|One of my Index cards from the ICAD challenge.|
After starting the ICAD challenge though, I quickly realized I was hooked, not just on art, but in particular on painting. It wasn't long before I wanted to move beyond the index cards and onto a canvas. Since then, I've painted and painted and painted. Having had no formal training, I have learned most of what I know by trial and error, often with many errors repeated again and again (when will I finally automatically paint background objects BEFORE foreground objects???). I've watched a few how-to videos, and read a few books, but mostly I'm self taught... I've been learning to paint by PAINTING. Eventually I might like to go for my BFA, but in the meantime I just continue to paint.
Recently, the gallery owner where my work is sometimes displayed suggested that I take part in a local juried show. He felt that it would give me more exposure, and also give me a chance to see how my work compares with other local artists and to get feedback from more people. I looked over the work I had, and felt that there were many things I had learned recently that didn't show in those pieces, so I decided to create three pieces specifically for the show, being mindful to apply everything I've learned up until now. In other words, I wanted to really stretch myself to the limits of my current skills and abilities, so that I would be submitting the very best work I am currently capable of producing.
Here is the first piece as it took shape:
This first photo shows the work after my first painting session, I have no idea how much time I spent up until this point on it, but it was all one painting session. I used three reference photos I had taken, but didn't copy directly from any of them, just used them to spark ideas and give a general outline of what was happening.
I decided to block in some general darks and lights in the background, so that when I added background trees gaps in them wouldn't show stark blue sky, because I've noticed in some of earlier paintings that sky showing through like that often makes the landscape look flat, or fake.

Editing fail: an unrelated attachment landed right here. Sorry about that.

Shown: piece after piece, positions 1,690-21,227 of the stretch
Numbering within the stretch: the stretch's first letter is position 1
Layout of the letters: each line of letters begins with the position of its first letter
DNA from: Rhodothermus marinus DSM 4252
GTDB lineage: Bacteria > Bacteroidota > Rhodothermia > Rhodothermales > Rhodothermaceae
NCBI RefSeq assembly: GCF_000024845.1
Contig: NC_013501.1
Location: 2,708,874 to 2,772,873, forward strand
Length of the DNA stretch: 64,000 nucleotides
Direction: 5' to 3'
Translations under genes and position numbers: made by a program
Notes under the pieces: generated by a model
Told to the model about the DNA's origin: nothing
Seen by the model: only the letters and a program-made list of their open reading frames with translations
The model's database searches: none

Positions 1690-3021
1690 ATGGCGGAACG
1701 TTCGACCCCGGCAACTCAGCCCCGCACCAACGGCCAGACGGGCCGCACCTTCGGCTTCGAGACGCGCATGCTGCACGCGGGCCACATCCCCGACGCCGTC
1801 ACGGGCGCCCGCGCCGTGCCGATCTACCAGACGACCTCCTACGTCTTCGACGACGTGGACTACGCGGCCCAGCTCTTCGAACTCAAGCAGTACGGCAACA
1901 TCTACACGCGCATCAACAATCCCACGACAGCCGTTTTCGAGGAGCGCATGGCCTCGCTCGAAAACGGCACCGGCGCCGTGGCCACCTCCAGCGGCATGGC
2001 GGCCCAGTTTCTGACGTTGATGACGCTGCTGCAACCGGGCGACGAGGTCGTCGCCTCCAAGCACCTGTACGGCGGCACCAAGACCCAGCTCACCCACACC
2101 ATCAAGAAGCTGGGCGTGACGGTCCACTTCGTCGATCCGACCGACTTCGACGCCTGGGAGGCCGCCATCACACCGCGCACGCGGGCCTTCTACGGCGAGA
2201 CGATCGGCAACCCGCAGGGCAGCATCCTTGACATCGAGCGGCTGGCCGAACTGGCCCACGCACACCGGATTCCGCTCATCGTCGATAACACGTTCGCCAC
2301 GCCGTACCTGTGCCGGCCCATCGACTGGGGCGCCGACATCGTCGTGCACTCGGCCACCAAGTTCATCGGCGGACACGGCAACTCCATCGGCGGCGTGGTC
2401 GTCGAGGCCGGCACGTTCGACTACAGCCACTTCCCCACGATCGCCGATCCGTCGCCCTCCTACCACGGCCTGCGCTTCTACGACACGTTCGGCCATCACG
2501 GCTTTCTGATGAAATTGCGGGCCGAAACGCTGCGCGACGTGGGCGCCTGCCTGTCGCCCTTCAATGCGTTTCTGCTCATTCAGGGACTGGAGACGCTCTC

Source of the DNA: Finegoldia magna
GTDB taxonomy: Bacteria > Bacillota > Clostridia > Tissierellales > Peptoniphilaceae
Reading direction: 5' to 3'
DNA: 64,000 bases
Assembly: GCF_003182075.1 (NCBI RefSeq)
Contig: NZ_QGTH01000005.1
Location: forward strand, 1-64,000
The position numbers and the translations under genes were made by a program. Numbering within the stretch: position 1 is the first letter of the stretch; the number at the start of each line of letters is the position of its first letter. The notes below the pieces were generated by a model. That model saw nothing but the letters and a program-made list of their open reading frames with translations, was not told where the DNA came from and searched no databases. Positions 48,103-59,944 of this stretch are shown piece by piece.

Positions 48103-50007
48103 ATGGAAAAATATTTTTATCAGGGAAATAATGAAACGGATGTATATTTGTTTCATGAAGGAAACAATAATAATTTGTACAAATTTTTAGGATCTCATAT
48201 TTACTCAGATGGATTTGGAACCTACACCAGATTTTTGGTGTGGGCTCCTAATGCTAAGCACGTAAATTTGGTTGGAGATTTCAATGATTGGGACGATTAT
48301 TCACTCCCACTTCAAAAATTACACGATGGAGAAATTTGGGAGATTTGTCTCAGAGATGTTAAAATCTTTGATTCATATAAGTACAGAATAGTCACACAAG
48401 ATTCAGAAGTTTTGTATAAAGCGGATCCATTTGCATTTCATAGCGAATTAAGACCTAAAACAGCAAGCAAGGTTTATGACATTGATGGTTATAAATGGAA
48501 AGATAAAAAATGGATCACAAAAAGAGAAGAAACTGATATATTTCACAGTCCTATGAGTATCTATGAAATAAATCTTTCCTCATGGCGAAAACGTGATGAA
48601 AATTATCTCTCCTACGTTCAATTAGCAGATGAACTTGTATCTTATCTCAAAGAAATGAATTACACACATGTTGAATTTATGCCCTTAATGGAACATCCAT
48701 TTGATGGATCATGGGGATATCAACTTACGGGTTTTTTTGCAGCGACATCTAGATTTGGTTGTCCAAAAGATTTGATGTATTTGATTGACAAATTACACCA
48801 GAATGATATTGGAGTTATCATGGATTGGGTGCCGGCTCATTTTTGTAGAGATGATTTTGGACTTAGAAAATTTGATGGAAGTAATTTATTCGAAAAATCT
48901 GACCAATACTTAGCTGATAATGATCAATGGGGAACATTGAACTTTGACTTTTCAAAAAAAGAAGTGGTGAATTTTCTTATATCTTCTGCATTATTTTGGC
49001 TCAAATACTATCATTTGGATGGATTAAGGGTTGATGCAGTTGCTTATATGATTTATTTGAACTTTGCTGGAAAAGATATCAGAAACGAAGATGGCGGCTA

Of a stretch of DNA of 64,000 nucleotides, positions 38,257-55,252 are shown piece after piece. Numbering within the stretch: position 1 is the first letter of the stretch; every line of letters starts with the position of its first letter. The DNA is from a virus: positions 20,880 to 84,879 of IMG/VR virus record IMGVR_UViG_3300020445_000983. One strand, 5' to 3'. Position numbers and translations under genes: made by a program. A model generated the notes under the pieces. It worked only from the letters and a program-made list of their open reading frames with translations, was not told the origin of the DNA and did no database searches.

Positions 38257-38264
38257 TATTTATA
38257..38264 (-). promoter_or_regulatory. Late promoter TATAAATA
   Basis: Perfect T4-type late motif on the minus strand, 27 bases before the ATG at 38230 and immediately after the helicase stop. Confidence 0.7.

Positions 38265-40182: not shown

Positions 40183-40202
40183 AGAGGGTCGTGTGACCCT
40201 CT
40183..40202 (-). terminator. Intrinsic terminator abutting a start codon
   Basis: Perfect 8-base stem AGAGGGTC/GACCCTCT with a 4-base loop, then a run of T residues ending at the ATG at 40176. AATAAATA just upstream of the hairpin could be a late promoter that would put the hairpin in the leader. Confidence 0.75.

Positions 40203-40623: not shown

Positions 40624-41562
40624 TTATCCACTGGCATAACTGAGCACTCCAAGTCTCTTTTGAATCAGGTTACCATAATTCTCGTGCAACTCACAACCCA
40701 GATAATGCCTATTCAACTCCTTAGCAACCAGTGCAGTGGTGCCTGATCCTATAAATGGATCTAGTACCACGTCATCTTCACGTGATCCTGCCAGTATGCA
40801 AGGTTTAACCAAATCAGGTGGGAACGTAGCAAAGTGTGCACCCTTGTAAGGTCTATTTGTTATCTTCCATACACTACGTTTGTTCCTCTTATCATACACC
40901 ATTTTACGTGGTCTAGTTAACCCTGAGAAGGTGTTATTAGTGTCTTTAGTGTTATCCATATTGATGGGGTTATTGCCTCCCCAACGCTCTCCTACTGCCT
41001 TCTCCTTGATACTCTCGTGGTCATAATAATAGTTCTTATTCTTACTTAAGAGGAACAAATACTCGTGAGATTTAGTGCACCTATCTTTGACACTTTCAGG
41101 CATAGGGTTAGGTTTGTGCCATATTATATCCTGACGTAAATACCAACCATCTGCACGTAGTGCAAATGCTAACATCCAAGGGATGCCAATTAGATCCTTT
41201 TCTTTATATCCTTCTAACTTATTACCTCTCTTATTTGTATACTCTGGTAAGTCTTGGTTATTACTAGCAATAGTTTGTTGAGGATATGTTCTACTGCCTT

Then, here is the second in progress photo, a little more has changed at this point, one back ground tree has been added, and one more foreground tree.
Then I added the other background trees. Notice that I made them lighter and less distinct than the ones in the foreground, I've been trying to learn to implement atmospheric perspective.
On to progress picture number 4, here I have lightened the trees in the background more, plus added some more foreground elements. I know that the picture looks very different in color here, but it hasn't changed. All but the final two photos were taken with my phone, and it is very sensitive to changes in lighting. The slightest difference in available light causes a whole different color cast over everything.
Next I simply added more detail in the foreground, such as some flowers on the bush in the lower right hand corner, and some more reflected light on the pond.
So I fixed the sky, and then took another picture with my good camera. I printed several samples to compare the color to the original, and edited until it matched. And here is the final result:
So there is the painting that will be my first entry into the juried show. Because I am keeping it for the show, I can't offer it for sale yet, however prints of it are available on my Fine Art America page, and if the original doesn't sell during the show, it will be offered for sale afterward either in my local gallery, or in my Etsy shop.
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